Singapore closing workplaces, schools in latest coronavirus measures

A man stands in front of a screen showing a telecast of Singapore’s Prime Minister Lee Hsien Loong addressing the outbreak of coronavirus in Singapore on April 3, 2020. (Reuters)
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Updated 03 April 2020

Singapore closing workplaces, schools in latest coronavirus measures

  • Singapore’s infections, both imported and domestic, have been rising sharply in recent weeks and topped 1,000 this week

SINGAPORE: Singapore will close schools and most workplaces, except for essential services and key economic sectors, for a month, Prime Minister Lee Hsien Loong said on Friday, as part of stricter measures to stop the spread of the coronavirus.
Singapore’s infections, both imported and domestic, have been rising sharply in recent weeks and topped 1,000 this week. It reported its fifth death on Friday.
“We have decided that instead of tightening incrementally over the next few weeks, we should make a decisive move now, to pre-empt escalating infections,” Lee said in a speech.
Food establishments, markets and supermarkets, clinics, hospitals, utilities, transport and key banking services will remain open. The city-state will also move to full home-based learning in its schools and universities.
Lee urged everyone to stay home as much as possible and to avoid socialising with others beyond their own household.
He said the country had enough food supplies to last through this period and beyond.
The city-state will also announce additional support for households and businesses on Monday, he added.
The Southeast Asian nation has adopted some social distancing measures to curb the spread of the virus, but had let schools, offices and restaurants remain open.


Ex-UK spy chief: COVID-19 could be from Wuhan lab

Updated 04 June 2020

Ex-UK spy chief: COVID-19 could be from Wuhan lab

  • Sir Richard Dearlove cites controversial study saying virus possibly man-made

LONDON: The coronavirus pandemic may have started by accident in a lab in the Chinese city of Wuhan, according to a former British spy.

Sir Richard Dearlove, who headed the UK’s intelligence agency MI6 until 2004, told the UK’s Daily Telegraph newspaper that the origins of the virus may not reside in a wet market in Wuhan, where it had previously been suggested that it passed to humans from bats.

Instead, he claims that it may have escaped from a lab, citing a controversial study by British and Norwegian researchers, including Prof. Angus Dalgleish of St. George’s at the University of London and John Fredrik Moxnes, a chief scientific adviser to the Norwegian military.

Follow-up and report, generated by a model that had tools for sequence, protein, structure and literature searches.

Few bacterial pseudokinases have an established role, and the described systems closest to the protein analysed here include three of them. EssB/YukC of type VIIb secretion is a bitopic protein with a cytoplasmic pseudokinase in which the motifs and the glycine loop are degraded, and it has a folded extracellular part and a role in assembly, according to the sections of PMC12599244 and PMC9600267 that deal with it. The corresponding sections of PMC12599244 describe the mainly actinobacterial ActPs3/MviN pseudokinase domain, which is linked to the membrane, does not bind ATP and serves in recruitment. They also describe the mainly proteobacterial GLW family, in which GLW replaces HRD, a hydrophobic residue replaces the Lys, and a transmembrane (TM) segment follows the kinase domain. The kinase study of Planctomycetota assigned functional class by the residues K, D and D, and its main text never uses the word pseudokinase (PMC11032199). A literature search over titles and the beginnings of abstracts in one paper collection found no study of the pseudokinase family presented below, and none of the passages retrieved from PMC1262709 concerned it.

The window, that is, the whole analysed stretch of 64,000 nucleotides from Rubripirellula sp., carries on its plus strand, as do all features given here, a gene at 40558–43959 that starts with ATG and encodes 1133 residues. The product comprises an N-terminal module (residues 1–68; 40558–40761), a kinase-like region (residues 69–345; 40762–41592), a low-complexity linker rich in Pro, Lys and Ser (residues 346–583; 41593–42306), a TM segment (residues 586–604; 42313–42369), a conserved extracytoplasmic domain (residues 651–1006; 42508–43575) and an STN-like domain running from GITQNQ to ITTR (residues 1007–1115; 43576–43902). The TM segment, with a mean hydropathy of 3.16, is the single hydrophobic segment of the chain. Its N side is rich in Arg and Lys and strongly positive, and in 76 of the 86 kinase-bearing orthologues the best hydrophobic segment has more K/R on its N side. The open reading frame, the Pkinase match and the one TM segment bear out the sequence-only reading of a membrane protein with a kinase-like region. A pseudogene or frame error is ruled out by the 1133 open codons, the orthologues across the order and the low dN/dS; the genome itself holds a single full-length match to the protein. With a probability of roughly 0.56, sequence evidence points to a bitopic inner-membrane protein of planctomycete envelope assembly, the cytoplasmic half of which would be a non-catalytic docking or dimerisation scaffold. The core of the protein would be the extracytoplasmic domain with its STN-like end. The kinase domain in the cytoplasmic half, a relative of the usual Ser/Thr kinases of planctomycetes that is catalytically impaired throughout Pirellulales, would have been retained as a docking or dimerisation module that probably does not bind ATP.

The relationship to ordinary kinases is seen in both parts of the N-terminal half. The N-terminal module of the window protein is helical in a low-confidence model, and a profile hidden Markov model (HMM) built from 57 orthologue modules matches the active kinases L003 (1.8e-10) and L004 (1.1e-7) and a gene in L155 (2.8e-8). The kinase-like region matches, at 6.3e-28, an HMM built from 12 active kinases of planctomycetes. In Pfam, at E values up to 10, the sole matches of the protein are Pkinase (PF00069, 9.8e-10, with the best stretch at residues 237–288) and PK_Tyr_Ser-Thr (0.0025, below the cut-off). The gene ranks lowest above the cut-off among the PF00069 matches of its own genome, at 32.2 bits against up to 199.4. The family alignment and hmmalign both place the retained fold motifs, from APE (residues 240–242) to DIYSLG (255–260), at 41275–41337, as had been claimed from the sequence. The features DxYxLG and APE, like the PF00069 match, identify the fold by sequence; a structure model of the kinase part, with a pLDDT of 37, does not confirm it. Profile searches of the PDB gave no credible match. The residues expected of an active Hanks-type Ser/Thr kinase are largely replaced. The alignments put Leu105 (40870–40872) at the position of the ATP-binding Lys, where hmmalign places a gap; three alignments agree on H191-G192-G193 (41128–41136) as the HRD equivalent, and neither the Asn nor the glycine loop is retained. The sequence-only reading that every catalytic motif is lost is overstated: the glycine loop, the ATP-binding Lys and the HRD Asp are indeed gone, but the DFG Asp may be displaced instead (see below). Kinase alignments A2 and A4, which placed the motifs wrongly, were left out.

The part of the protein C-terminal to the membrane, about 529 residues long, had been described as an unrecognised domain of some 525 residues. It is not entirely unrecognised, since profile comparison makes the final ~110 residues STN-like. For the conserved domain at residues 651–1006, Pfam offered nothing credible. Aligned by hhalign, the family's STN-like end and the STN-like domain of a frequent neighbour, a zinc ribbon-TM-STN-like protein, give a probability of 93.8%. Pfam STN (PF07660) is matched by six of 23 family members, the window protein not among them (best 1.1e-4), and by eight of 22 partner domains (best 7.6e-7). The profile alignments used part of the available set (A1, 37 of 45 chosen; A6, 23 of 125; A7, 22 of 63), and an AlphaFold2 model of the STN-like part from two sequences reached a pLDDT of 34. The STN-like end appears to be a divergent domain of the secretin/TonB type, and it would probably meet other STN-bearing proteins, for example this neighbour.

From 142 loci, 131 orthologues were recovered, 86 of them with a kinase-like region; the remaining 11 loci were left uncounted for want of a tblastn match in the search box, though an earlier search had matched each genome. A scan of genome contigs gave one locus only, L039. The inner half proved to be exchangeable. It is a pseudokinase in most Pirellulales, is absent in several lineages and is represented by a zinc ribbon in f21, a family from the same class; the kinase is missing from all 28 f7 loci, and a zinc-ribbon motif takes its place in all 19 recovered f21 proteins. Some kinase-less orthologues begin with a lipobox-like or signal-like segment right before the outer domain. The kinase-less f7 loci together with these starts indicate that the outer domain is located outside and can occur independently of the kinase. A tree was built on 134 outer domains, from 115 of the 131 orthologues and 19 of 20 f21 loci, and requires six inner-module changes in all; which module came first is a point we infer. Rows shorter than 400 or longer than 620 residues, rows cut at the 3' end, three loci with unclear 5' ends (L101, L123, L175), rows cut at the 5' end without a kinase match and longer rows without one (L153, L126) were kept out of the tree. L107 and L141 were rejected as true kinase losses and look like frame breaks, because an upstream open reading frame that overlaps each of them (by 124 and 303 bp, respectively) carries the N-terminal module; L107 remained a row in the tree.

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READ MORE: Did this Chinese government lab in Wuhan leak the coronavirus?

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The Chinese city is home to two labs that have carried out tests on bats, as well as coronaviruses, in the past: The Wuhan Center for Disease Control and the Wuhan Institute of Virology.

The presence of both these facilities has fueled speculation that COVID-19 is the result of human error, and that the virus escaped the confines of testing to reach the local population by accident.

It is a theory that has been promoted most notably by US President Donald Trump, while Secretary of State Mike Pompeo has previously talked of “enormous evidence” that the virus is a man-made pathogen.

It has drawn criticism, though, from many scientists worldwide, and the study in question has been rejected by a number of scientific journals.

Evidence published in British medical journal The Lancet claimed to be able to trace 27 of the first 41 identified COVID-19 cases back to the same Wuhan wet market, reinforcing the original hypothesis.

The US National Intelligence Director’s office, meanwhile, said it took the view of “the wider scientific consensus that the COVID-19 virus was not man-made or genetically modified,” though it added that it would continue to assess all evidence to the contrary.

The study, though, claims to have identified evidence that the virus’s genetic sequence may have been edited, calling it a “remarkably well-adapted virus for human co-existence.” 

Sir Richard said scientists at one of the facilities may have been conducting “gene-splicing experiments” in an effort to identify potentially dangerous pathogens like the SARS epidemic in 2003.

“It’s a risky business if you make a mistake,” Sir Richard told the Telegraph. “Look at the stories ... of the attempts by the (Chinese) leadership to lock down any debate about the origins of the pandemic and the way that people have been arrested or silenced.

“I think it will make every country in the world rethink how it treats its relationship with China and how the international community behaves towards the Chinese leadership.”

The UK government has said it has seen “no evidence” to suggest that the virus originated in a lab.